All Things Considered
All Things Considered
Tuesday, February 20, 2007

Minnesota Public Radio Stories

  • Rep. Jim OberstarOberstar makes case to Legislature for higher gas tax
    The powerful House Transportation Committee chair said billions of federal highway dollars are available to the state but are going unused.5:20 p.m.
  • EBT cardStudy probes decline in food stamp use
    A study on the sharp rise in food shelf use in Minnesota is raising questions about why so few people are turning to food stamps.5:24 p.m.
  • Wind farmers happy to increase harvest by 2025
    Wind turbine owners are looking forward to 2025. Minnesota is expected to require at least a quarter of the power in the state to be generated by renewable resources.5:50 p.m.
  • Darkytown RebellionKara Walker's art traces the color line
    Kara Walker may be the only artist to tackle racism, slavery, sexual abuse or oppression in a way that at first seems beautiful, poetic and even witty. The Walker Art Center is currently presenting the first-ever survey of the 37-year-old artist's work.5:54 p.m.

National Public Radio Stories

  • Iran May Ignore Wednesday's Nuclear Deadline
    Iran is not expected to acquiesce to a United Nations deadline Wednesday to halt uranium production. A key Iranian official is in Vienna to meet with the director of the International Atomic Energy Agency. The IAEA says Iran could be ready to enrich uranium on an industrial scale in six months to a year.
  • JetBlue Offers Passengers Rights, Compensation
    JetBlue Airways officially announces a passenger bill of rights, as it offers compensation to the thousands of passengers subjected to flight delays and cancellations last week. The company says that in the future, passengers can count on vouchers and refunds if flights don't take off.
  • Air Passengers Rights Bill Introduced in Senate
    Sen. Barbara Boxer (D-CA) introduces legislation to establish a bill of rights for all airline passengers. The bill would give passengers the option of leaving a plane once it has sat on the tarmac for three hours with the doors closed. It would also require airlines to provide food, drinkable water, and adequate restrooms if a plane is delayed on the ground.
  • Venezuela Nationalizes Its Largest Power Firm
    Venezuela's government signs papers today under which the country's biggest private power company will become state property. President Hugo Chavez says it's a step in the direction of what he calls "21st century socialism." Next, he plans to take over Venezuela's main telephone company.
  • The Sounds of Elevators Falling Down
    With another entry in our SoundClips series, Philadelphia elevator inspector Jim Boxmeyer watches and listens to an elevator in free-fall.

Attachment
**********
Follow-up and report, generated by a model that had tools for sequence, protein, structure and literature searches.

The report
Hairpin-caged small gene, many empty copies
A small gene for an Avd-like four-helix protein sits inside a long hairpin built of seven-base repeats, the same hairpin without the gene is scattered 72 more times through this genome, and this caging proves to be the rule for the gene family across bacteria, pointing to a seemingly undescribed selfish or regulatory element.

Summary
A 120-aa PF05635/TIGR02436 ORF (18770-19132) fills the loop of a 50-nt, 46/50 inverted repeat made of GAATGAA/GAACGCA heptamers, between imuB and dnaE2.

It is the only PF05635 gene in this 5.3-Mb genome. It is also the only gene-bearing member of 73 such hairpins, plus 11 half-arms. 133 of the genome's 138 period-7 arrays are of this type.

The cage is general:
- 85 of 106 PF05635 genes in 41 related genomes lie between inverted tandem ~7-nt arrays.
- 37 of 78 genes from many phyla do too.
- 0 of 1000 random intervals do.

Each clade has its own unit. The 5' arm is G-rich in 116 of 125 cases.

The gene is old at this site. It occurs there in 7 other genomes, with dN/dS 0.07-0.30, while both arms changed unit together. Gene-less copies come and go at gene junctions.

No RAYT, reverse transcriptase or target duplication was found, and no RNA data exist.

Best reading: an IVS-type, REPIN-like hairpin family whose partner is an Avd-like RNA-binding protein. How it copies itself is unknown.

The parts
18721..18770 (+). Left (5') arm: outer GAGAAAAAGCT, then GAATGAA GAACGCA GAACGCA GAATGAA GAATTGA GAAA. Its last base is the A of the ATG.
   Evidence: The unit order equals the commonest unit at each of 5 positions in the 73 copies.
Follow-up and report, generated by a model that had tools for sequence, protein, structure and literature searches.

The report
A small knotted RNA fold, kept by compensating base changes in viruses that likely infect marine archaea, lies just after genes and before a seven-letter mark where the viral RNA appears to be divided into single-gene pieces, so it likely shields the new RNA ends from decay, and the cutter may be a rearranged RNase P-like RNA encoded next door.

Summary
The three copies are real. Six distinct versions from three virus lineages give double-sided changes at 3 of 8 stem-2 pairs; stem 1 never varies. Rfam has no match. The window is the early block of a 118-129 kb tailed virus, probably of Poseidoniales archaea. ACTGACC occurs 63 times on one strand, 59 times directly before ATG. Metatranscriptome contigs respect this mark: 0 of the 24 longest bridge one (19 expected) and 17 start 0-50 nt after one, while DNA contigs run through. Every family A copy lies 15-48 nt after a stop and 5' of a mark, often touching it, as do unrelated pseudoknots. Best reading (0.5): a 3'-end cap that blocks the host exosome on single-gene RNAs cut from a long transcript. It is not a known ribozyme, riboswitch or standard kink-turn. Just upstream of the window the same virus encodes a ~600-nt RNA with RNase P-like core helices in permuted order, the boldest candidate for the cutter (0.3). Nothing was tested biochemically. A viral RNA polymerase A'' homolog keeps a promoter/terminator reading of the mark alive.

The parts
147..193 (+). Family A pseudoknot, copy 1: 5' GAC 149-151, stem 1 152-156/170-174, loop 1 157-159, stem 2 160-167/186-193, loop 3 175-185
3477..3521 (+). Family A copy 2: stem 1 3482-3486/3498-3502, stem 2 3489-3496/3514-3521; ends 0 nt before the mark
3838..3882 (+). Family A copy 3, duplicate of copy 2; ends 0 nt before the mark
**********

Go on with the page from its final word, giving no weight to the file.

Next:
• McCain Back to Square One: South Carolina
    While Sen. John McCain (R-AZ) has done everything he can to repair his standing with conservatives — ties damaged during his battle with George W. Bush in the 2000 Republican primaries — many still don't trust him. South Carolina ended McCain's hopes in 2000, and may decide his viability in 2008.
  • Iowa's GOP Looks for Consensus on Values
    Iowa's Republicans have factions, like everywhere else. Right now, what unites them is a deep foreboding about their party's chances in Iowa in 2008. But there are different kinds of Iowa Republicans. One thing they differ on is how to proceed in Iraq. A new Pew Research poll for shows 53 percent of Americans want the U.S. to start bringing its troops home now.
  • New York Critics Hail 'Heights' Composer
    Dominican/Cuban composer Lin-Manuel Miranda is drawing critical praise for mixing salsa, meringue, hip-hop and other Latin styles with traditional Broadway fare. In the Heights is set in Washington Heights, a primarily Latino neighborhood in northern Manhattan.
  • Yorkshire Terriers Move Up in Breed Popularity
    The Yorkshire terrier has become the No. 2 registered dog in America, knocking out the golden retriever, which fell to the No. 4 spot. Daisy Okas, a spokesperson for the American Kennel Club says the Yorkie's increase in popularity is part of a trend favoring smaller breeds.
  • Court Upholds Military Proceedings for Detainees
    The federal appeals court has upheld the controversial detainee bill known as the Military Commissions Act. In a 2-1 ruling, the court said the measure constitutionally wiped out all of the pending court cases from detainees at Guantanamo Bay.

Program Archive
February 2007
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